What are the main challenges when doing environmental monitoring?  What can be potential conflict of interests? How are these resolved in the monitoring process?

The main challenge of environmental monitoring today is that those doing the water monitoring (the controller) are often paid by the entity being monitored (the controlled – frequently a mining company). This is by far the major challenge that we face today in mining monitoring and in mining evaluation, because mining companies pay for EIA studies.

When the government does the monitoring we face two different problems:

  1. The absence of enforcement mechanisms: We often see government agencies finding pollution resulting from the work of the mining company. However, after the detection of pollution, governments are frequently unable to enforce any changes. Sometimes fining mechanisms result in long and expensive appeals and counter-appeals; it can be cheaper for companies to pay a fine than to change their infrastructure.
  2. The desire of local government to not interfere with businesses: Over the years, we have seen a long battle of deregulation of mining activities among developing countries with the aim to attract more foreign investments. As a result government are often weak in their goal to hold mining companies accountable.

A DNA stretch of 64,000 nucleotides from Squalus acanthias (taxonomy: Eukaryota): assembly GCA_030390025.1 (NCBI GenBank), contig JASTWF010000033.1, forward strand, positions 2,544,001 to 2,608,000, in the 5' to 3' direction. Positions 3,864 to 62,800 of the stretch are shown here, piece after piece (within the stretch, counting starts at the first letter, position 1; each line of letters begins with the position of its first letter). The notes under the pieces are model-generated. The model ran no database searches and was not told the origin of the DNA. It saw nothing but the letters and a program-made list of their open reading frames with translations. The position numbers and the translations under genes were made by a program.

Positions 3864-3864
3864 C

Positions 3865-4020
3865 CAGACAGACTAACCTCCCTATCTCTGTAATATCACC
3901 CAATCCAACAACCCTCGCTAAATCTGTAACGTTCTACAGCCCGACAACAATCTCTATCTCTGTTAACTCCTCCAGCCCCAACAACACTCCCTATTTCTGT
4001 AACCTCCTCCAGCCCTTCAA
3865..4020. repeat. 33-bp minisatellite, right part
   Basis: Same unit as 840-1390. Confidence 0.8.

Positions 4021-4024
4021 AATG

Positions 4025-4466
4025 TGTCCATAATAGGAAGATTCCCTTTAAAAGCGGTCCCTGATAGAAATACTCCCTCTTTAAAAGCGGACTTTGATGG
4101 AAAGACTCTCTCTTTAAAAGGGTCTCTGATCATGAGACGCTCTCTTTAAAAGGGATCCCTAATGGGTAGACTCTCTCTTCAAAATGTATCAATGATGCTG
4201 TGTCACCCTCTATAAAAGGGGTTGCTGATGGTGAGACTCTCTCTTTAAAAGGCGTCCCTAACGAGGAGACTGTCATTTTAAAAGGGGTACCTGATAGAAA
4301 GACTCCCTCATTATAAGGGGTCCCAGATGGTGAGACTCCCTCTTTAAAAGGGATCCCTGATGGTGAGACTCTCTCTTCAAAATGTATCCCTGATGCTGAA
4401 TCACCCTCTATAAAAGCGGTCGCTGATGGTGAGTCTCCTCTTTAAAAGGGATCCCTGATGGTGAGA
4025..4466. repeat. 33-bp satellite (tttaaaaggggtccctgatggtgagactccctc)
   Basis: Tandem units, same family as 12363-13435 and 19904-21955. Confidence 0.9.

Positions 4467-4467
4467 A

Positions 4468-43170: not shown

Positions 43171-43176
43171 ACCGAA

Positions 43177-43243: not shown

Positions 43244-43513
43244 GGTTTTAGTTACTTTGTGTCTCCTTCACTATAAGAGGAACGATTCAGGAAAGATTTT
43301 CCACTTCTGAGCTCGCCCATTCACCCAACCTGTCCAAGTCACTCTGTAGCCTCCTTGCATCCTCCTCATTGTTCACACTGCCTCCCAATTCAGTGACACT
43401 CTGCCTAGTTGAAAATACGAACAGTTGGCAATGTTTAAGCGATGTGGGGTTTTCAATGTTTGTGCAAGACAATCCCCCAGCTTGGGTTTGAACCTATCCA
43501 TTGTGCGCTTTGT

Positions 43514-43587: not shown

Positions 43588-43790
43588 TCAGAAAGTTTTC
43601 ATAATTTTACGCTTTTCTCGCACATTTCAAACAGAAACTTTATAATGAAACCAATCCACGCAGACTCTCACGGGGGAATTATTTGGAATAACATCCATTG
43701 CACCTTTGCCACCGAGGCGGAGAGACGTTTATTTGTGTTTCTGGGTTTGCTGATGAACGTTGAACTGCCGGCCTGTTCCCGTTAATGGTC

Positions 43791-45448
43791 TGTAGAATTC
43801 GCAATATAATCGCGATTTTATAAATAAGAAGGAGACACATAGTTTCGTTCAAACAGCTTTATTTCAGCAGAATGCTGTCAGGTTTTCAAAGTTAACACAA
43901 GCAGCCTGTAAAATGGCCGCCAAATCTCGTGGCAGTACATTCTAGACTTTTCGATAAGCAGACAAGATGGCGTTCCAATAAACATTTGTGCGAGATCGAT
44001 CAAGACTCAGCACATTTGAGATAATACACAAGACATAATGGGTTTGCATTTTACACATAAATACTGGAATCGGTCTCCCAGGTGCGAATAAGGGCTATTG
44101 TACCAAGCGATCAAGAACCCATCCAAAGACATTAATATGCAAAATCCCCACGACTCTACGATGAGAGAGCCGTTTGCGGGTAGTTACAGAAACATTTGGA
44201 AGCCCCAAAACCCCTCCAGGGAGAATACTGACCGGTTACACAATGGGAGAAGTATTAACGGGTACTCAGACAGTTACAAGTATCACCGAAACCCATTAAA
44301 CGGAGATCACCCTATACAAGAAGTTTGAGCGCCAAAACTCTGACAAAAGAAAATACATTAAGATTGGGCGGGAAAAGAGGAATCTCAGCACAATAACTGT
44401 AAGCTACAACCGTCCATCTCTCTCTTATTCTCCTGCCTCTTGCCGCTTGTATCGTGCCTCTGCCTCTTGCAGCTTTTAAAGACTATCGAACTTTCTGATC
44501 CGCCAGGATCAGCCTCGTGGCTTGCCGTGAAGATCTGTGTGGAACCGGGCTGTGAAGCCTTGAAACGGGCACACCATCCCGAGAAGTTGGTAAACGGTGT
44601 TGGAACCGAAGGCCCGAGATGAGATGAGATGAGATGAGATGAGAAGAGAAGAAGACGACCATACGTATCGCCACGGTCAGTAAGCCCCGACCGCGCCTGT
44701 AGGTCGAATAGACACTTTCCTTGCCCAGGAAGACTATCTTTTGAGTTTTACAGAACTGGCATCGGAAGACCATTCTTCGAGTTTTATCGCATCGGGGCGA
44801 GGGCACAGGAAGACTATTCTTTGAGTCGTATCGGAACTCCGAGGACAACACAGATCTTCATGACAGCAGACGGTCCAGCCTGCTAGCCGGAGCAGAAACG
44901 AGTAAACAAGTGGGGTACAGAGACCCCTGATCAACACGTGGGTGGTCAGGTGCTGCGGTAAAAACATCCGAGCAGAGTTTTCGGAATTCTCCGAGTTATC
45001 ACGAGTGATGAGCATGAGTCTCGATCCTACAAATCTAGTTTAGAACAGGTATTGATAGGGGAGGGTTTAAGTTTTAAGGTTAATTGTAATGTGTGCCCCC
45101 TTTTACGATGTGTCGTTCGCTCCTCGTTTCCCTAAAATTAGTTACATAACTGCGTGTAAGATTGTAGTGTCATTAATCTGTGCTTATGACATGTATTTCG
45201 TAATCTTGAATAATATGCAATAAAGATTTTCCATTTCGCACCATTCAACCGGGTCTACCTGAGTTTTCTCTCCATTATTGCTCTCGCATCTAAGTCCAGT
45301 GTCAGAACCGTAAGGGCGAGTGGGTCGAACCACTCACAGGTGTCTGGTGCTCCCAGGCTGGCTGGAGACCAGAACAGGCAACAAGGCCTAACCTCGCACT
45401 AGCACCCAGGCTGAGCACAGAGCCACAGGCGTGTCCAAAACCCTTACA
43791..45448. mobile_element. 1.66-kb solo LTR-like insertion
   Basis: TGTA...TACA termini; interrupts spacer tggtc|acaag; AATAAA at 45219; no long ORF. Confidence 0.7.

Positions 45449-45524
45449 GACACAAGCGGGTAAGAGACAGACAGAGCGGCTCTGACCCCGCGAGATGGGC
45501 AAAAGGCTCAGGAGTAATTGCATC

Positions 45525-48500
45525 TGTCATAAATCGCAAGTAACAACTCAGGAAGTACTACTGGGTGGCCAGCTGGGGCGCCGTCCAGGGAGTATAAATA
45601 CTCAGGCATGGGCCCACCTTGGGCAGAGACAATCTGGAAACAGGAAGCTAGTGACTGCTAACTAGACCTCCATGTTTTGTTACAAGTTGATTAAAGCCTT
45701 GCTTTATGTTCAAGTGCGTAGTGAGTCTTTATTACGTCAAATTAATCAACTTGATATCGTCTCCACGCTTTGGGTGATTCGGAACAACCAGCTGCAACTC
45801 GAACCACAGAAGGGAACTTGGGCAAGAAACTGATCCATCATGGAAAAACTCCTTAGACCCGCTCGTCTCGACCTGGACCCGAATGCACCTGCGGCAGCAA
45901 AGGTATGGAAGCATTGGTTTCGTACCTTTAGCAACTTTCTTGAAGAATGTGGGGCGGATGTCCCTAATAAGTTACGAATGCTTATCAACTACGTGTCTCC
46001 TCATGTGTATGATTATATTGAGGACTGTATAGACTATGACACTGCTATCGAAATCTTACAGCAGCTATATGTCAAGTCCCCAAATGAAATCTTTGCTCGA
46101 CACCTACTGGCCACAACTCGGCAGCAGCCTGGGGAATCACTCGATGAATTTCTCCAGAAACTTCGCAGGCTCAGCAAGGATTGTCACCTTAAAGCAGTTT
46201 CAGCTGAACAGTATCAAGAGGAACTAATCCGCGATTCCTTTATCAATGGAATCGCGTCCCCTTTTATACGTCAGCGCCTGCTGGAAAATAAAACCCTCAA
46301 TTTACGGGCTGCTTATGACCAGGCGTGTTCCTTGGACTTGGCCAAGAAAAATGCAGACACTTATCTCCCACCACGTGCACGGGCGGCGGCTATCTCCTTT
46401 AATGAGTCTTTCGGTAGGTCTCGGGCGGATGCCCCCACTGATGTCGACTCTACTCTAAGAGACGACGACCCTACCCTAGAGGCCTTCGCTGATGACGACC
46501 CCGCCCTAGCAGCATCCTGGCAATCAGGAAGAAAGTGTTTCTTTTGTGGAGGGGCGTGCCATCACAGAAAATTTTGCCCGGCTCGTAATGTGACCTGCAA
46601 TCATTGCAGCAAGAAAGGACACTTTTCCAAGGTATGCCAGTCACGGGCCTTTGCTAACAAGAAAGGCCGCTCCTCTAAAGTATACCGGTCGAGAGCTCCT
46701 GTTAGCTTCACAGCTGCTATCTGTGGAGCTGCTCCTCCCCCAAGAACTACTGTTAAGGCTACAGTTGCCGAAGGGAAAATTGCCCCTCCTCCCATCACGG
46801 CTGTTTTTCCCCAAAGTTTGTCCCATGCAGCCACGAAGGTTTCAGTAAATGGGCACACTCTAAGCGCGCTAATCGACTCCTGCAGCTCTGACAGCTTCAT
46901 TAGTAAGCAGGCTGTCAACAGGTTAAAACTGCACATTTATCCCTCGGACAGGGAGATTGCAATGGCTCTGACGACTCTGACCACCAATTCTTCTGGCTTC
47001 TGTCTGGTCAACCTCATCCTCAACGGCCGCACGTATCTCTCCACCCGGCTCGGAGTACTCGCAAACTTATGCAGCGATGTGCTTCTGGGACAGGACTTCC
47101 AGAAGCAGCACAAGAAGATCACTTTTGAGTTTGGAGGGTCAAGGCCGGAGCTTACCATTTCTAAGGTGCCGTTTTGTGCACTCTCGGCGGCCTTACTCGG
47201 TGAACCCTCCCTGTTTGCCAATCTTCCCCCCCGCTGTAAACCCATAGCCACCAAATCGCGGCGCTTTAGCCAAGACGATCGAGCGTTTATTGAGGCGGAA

What role, if any, can civil society play in environmental monitoring, for example through community based participatory monitoring?

Community-based monitoring can be a great instrument as it comes directly from the potentially affected people and it is not affected by the problems that often affect government monitoring. Furthermore, it gives local communities effective control over their environment. As a result, communities are very confident to receive the investments and to negotiate with the company and the government. It is also a great tool for conflict prevention as the community is more empowered and therefore more inclined to negotiate instead of initiating conflicts.
What are the challenges when involving civil society in the monitoring process?